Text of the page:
Disclaimer: Of course we claim no responsibility for your experience with these herbs. Everything we share is for information purposes only and is not to be taken as professional or medical advice. Do your own research! Always consult a professional. Be wise. Consider always the chance of an allergic reaction. We are all unique in body chemistry. We are NOT a medical professionals by any means, however we have saved our family a boatload of annoyance and money by being resourceful and using what is right at our feet – literally. See full disclaimer here.
Long ago, was a plant known as Filius ante patrem, which means ‘the son before the father’ because its golden flowers appeared and withered before the leaves would ever be seen. With its tufted yellow heads and later-appearing, decoratively lobed, hoof-shaped leaves, coltsfoot was (and is today) a treat to the eyes and spirit when it exploded into color along the roadsides and pathways declaring that spring had come! Apart from being the initial burst of color after a long monochrome winter, coltsfoot, or Tussilago farfara L.,as it is now classified (a distant relative of the sunflower) also provides essential healing properties that can serve you year-round. The term ‘tussilago’ in the name refers to its cough-dispelling properties and explains one of its alternate names, Coughwort.
The Europeans have long approved and popularly used it as a remedy for coughs, though, in Germany, a limit has been put upon coltsfoot usage of 4-6 weeks/year due to the liver-toxic pyrrolizidine alkaloids present- definitely something of which to be aware. Often it is combined with mullein, marshmallow or white horehound for the treatment of coughs. I have read that early Americans wrapped those with whooping cough in blankets that had been soaked in an infusion of coltsfoot. Not sure how that would work… As noted above, the flowers appear first and should be collected before they fully bloom and dried carefully out of sunlight. The leaves then appear and can be used fresh until they die in the fall, but before then, you can collect and chop some up before drying to store for winter.
So How Does Coltsfoot Help Coughs? Well, inherent in the plant are constituents that cause expectorant, antitussive,demulcent,anticatarrhal, pectoral tonic and diuretic actions. Let me explain each of those: expectorants support the body in getting rid of excess mucous in the respiratory system; antitussives suppress coughing; demulcents are rich in mucilaginous content which soothes irritated and inflamed tissue; anticatarrhals basically help your body get rid of snot buildup, wherever in the body that is happening; pectorals are general healers and strengtheners of the respiratory system; tonic herbs reinforce and strengthen the body’s systems, either individually as needed or overall; and a diuretic gets you urinating which can help eliminate toxins. (Just remember to rehydrate!) Some people have used a tea for the diuretic properties to help with cystitis, which requires the system to be thoroughly flushed to eliminate the bacteria causing the infection and restore balance to the bladder environment. Now it also has emollient qualities, which make it a great herb to add to skin soothing, softening or protective preparations. It’s like the internal action as a demulcent, but externally. Fresh leaves can be crushed in your hands and then applied to abscesses, boils or festering ulcers. A nice tea recipe for coughing would look like equal parts of coltsfoot leaf, white horehound or marshmallow leaf and flower and mullein leaf. (About a third cup dried or a half cup fresh herbs) Put your herbs in a nice teapot meant for infusing herbs or just into a glass jar. Then cover with boiling water and let steep a good half hour, even longer but not so long your tea is so strong you can’t drink it! 30-45 minutes is a good window. Then just sip on your tea as you have need throughout the day.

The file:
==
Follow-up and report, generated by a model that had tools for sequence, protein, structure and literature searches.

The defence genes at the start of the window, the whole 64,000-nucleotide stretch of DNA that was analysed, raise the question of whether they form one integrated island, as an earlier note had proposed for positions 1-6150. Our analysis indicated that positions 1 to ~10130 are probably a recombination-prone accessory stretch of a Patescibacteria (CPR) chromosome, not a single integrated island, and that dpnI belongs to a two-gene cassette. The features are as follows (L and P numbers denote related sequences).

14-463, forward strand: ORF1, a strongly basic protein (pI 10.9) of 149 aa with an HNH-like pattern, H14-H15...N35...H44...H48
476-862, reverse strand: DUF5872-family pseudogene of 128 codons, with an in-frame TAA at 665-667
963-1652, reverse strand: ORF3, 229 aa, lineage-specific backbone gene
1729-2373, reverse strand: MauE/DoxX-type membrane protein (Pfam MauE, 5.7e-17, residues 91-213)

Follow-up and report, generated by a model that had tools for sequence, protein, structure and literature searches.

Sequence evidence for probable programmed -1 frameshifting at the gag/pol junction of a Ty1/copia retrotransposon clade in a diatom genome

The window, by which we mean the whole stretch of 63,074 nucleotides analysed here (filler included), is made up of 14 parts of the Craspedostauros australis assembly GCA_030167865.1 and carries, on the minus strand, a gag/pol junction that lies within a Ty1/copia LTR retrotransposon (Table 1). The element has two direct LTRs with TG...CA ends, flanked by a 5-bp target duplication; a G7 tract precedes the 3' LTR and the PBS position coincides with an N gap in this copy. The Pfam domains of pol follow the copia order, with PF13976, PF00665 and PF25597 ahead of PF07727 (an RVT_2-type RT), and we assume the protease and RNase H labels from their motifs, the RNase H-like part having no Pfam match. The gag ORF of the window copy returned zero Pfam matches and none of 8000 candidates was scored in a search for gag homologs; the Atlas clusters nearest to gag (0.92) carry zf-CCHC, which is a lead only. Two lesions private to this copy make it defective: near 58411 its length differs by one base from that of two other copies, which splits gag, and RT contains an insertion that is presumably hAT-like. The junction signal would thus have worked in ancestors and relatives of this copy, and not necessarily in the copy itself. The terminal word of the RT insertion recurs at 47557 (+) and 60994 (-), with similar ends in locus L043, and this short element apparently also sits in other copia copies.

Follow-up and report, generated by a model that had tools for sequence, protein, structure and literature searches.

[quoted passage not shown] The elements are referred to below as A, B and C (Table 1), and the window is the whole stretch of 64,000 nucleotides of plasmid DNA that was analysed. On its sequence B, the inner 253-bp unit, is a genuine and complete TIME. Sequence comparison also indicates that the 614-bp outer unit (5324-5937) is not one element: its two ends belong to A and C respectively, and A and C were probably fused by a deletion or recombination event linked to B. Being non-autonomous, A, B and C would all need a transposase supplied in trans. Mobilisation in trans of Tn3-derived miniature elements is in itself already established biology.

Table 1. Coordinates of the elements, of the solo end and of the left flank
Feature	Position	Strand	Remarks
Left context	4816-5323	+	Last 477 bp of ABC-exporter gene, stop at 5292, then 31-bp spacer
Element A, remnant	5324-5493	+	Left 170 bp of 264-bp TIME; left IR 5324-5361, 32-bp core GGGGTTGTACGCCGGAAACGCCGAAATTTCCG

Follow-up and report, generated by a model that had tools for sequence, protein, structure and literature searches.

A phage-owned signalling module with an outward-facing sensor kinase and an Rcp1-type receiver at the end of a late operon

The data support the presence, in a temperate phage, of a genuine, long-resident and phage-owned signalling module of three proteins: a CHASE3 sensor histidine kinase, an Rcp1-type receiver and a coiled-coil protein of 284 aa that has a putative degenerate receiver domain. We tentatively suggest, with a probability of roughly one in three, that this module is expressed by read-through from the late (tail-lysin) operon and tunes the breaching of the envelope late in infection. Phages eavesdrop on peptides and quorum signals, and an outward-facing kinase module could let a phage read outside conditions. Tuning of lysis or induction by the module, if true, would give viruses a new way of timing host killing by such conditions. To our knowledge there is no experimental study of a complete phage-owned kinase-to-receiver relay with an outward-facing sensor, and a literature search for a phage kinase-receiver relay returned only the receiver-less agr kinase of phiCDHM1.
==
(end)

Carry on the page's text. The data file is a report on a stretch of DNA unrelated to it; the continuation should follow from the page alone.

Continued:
In olden times, the leaves were dried and smoked, sometimes along with the dried root to alleviate bronchial spasms. To me, this seems counterintuitive, but I include it just for the historical aspect. Pliny, a first century Roman naturalist, recommended the dried leaves and roots of Coltsfoot to be burnt -optimally on cypress charcoal, and the smoke drawn into the mouth through a reed and swallowed, as a remedy for an obstinate cough, the patient sipping a little wine between each inhalation. Mmmhmmm….I think I will stick to the tea, thank you anyway, Pliny! To your health and enjoyment of God's creations! ~Carin